In sports, they say the only task more difficult than winning a title is staying atop the proverbial mountain and winning a second.
Jesse Love experienced this in 2021 on his way to a second consecutive ARCA Menards Series West championship.
Love, the Bill McAnally Racing driver from Menlo Park, California, who with last year’s West Series title became the youngest NASCAR champion ever at age 15, is the series’ second back-to-back champion (Todd Gilliland in 2016-17) since 2004-05, when Mike Duncan repeated.
“This year was different,” Love, 16, said after accepting his ARCA Menards Series West championship ring at NASCAR’s Champions Week in Nashville, Tennessee. “More highs, but also more lows.”
That description of Love’s season was epitomized in the Nov. 6 finale at Phoenix Raceway.
The Arizona Lottery 100 was sure to produce drama as seven drivers entered with chances to leave as the West Series champion, the top five of whom were separated by just six points in the standings. Sure enough, in the closing laps, just two championship points separated the top three drivers in the running order.
And when the checkered flag waved, it appeared as though Love’s season had ended with the lowest of lows, a championship loss by one position on track. Instead, a sneaky pass on the final lap led to the highest of highs.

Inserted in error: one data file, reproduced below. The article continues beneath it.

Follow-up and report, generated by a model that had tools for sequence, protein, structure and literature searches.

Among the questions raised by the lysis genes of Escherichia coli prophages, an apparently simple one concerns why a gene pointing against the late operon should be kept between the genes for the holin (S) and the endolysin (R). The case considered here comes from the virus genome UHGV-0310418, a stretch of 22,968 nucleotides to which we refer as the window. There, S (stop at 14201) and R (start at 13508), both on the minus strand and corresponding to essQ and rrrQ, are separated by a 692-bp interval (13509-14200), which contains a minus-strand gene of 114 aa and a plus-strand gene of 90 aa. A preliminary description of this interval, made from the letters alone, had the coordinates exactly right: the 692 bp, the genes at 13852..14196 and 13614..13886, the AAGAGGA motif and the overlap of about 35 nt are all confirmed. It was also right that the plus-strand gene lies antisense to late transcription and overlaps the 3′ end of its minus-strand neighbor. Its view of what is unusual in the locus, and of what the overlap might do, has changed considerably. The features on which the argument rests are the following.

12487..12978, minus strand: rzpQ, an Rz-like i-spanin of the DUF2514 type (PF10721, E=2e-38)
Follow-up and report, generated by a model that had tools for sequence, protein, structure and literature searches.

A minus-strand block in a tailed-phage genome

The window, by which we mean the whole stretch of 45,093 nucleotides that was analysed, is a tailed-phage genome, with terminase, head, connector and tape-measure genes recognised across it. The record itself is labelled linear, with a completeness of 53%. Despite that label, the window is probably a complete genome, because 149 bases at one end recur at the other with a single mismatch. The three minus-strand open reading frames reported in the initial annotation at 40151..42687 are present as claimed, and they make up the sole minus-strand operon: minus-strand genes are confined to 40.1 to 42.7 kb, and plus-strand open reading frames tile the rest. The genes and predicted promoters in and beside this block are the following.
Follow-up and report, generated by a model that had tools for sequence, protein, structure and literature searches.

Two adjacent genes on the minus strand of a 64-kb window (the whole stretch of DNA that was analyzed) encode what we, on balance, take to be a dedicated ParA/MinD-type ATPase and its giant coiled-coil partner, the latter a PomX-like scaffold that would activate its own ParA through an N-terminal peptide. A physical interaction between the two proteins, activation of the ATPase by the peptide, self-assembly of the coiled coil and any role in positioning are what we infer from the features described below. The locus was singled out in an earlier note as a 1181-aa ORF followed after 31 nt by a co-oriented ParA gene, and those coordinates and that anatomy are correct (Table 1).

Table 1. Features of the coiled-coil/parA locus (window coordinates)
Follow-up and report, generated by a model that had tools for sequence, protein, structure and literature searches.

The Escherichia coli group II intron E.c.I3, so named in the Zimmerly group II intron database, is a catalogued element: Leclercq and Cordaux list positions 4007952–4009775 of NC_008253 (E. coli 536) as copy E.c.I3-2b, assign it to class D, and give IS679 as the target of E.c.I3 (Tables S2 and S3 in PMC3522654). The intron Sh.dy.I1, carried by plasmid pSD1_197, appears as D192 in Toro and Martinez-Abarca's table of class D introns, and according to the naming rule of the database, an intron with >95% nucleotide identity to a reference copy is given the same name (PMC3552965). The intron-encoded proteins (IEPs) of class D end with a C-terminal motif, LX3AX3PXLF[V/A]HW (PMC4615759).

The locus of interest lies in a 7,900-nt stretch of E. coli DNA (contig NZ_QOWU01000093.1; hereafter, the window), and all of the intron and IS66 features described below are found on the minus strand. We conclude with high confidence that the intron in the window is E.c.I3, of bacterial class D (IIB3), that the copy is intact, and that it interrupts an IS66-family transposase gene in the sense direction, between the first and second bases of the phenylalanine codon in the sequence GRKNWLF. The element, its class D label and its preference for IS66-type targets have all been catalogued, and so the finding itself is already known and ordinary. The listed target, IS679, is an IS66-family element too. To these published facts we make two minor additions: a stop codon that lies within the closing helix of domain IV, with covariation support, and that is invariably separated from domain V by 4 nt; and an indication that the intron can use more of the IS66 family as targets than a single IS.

With Jake Drew seemingly cruising to the title running 11th, four spots ahead of Love, Drew’s Sunrise Ford Racing teammate Trevor Huddleston made a crucial error. Running 14th, Huddleston lifted at the start of his white-flag lap, thinking the race had ended. Love easily passed Huddleston in Turn 1 of their final lap, and his 14th-place finish placed him and Drew in a tie atop the standings.
Love earned the championship by virtue of a tiebreaker — his two West Series wins in 2021 compared to zero for Drew.
The chaotic finish to Love’s season was the perfect microcosm of his year.
Love won two West Series races in 2021, both at California’s Irwindale Speedway. But he also finished 12th or worse in four of nine races. In 2020, he had just one such finish in 11 events.
In fact, all of Love’s totals dropped from 2020 to 2021. He won three races last year and two this year. He recorded nine top-five finishes last year and just four this year. He collected 10 top-10 finishes last year and five this year. He earned four General Tire Pole Awards last year and none this year. He led 369 laps last year and 183 this year. His average finish last year was 3.9, and his average finish this year was 7.9.
Which is to say: Championships arrive in different ways. Love’s 2020 title was the product of consistency. His 2021 title was the product of resiliency.
“Everyone did a good job of not giving up,” Love said of the team that kept improving his No. 16 NAPA Auto Parts Toyota all year. “The only way you can guarantee failure is if you give up. There were times in the season we were sixth in points; we’ve never been that low.
“But we never gave up.”
Despite the “lows” Love referenced, he still finished the season as a worthy champion. His pair of wins marked the best total among West Series regulars, as did his 183 laps led on the season. Among those full-timers, only Joey Iest (six) had more top-five finishes than Love’s four.
Love’s 2021 title marked BMR’s 11th West Series title overall, extending the organization’s record. On a personal level, Love has now won two championships in two seasons in the West Series.
That’s what matters. Especially when the road to a second title was always supposed to be more bumpy than the path to the first.